top of page

Cratchit, Park Theatre

Nominated in 2022 Best Lighting Design of a new production of a play or musical award by Broadwayworld UK awards

"The lighting by Chloe Kenward is effective, frequently plunging the audience into dramatic darkness, only to be rescued by a single flame from a match. It suitably conveys Cratchit’s poverty and the horrors he witnesses in the future."

Sian Bayley, The Stage

"It's all emphasised by Chloe Kenward's beautiful lighting design, which plays with temperature and ties the production together with perfectly festive ambience."

Cindy Marcolina, Broadway Word

random, Leeds Playhouse

“So much with monologues where one actor plays multiple roles depends on the skill of the creative team to help the actor delineate. Here, Chloe Kenward and Christopher Nairne added great touches to Deen's work with lighting, subtly gracing characters with their own hints of colour.” 

James Wilstrop, WhatsOnStage

“A one-woman show could easily be swallowed up by the temporary stage at Leeds Playhouse, but director Gbolahan Obisesan and Kiza Deen have worked well together to ensure they make the most of the space. Max Johns’s striking set design—a precarious-looking structure made out of interlocking chairs—provides a powerful backdrop, threatening collapse and destruction at any moment. Chloe Kenward’s subtle lighting clearly evokes the production’s changes of time and place.”

James Ballands, British Theatre Guide

"Lighting also plays an important part in this piece; lighting designer Chloe Kenward uses varying colours and depths of light and shadow to aid transitions between characters and moments in a subtle yet significant way.”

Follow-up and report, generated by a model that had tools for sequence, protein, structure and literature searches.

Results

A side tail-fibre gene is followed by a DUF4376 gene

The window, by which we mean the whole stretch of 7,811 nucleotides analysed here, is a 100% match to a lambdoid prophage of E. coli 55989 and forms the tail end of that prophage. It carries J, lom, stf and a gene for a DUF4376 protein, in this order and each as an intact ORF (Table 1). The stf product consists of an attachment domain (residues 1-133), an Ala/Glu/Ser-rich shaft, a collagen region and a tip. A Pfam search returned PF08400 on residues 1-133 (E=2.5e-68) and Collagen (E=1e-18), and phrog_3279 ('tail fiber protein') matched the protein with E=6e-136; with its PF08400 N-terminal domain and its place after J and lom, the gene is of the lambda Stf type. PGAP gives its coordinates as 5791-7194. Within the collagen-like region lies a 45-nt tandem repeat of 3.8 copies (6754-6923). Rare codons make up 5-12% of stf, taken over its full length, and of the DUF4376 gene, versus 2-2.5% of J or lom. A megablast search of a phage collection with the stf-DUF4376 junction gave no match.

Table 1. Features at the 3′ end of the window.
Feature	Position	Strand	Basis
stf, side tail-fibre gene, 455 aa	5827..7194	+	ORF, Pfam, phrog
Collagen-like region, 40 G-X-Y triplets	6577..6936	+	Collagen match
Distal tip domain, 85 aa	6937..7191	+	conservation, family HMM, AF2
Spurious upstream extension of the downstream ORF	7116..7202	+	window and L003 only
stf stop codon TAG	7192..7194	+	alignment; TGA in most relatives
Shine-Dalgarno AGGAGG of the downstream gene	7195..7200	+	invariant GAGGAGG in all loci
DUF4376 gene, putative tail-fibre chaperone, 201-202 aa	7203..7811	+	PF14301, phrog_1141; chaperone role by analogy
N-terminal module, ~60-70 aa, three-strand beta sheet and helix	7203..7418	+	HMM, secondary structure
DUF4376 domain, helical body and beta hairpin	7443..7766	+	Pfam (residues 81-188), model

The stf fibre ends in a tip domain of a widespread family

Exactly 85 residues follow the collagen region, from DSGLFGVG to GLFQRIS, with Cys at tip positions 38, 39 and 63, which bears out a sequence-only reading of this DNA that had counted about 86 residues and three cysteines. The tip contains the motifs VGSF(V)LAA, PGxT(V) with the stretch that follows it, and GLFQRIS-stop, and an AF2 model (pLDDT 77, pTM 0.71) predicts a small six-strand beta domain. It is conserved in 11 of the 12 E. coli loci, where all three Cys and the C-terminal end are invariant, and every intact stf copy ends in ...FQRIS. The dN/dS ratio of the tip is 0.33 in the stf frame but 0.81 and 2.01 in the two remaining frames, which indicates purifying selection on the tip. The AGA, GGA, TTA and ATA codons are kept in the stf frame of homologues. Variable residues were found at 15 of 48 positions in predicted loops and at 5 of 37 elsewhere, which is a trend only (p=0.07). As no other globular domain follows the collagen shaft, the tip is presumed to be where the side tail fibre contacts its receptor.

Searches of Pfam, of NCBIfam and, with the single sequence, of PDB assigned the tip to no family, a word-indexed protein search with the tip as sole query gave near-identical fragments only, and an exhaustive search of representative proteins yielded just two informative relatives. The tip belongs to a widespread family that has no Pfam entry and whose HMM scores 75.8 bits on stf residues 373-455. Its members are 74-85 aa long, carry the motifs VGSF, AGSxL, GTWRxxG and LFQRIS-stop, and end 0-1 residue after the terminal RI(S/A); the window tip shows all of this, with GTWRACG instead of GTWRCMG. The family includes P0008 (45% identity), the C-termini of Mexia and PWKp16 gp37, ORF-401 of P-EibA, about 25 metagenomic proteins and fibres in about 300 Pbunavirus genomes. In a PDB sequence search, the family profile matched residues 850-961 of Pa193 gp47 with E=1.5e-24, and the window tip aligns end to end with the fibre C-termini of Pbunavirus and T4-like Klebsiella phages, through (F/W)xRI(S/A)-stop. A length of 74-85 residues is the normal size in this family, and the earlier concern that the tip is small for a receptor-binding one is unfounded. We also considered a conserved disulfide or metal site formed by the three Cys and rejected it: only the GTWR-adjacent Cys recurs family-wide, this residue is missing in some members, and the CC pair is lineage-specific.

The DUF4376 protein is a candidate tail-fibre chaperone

Hazel Kay, Number 9

“As Chloe Kenward’s Lighting Design subtly tracks the passage of time and shifts in tone, morning becomes afternoon and lives shift on their axis without warning.”

Eliza, Always Time for Theatre

“The performance opens with a scene of scattered chairs, stacked up high along the back of the stage. The chairs catch the lights and the mood of the room seems to shift around as the audience take their seats…The ambience of the street, and what happens on her commute to and from work are all effectively portrayed through sound and lighting…When we return to the house with her the lights are not shining as brightly as they had been in the family home…The tension ramps as we hear policemen speaking to her Dad – they are finding it difficult to deliver the tragic news. The grief felt by the family is brilliantly observed and communicated to the audience.”

Jessica Penn and Andy Baker, South Leeds Life

ONE%, Breakin Convention, Sadlers Wells

"There are striking images, as the duo launch into huge air flares – spinning while upside down, leaping from hand to hand – and then hurtle to the floor, defeated. A great shaft of diagonal light gives their conflict, and eventual reconciliation, an epic quality."

Marianka Swain, The Telegraph

bottom of page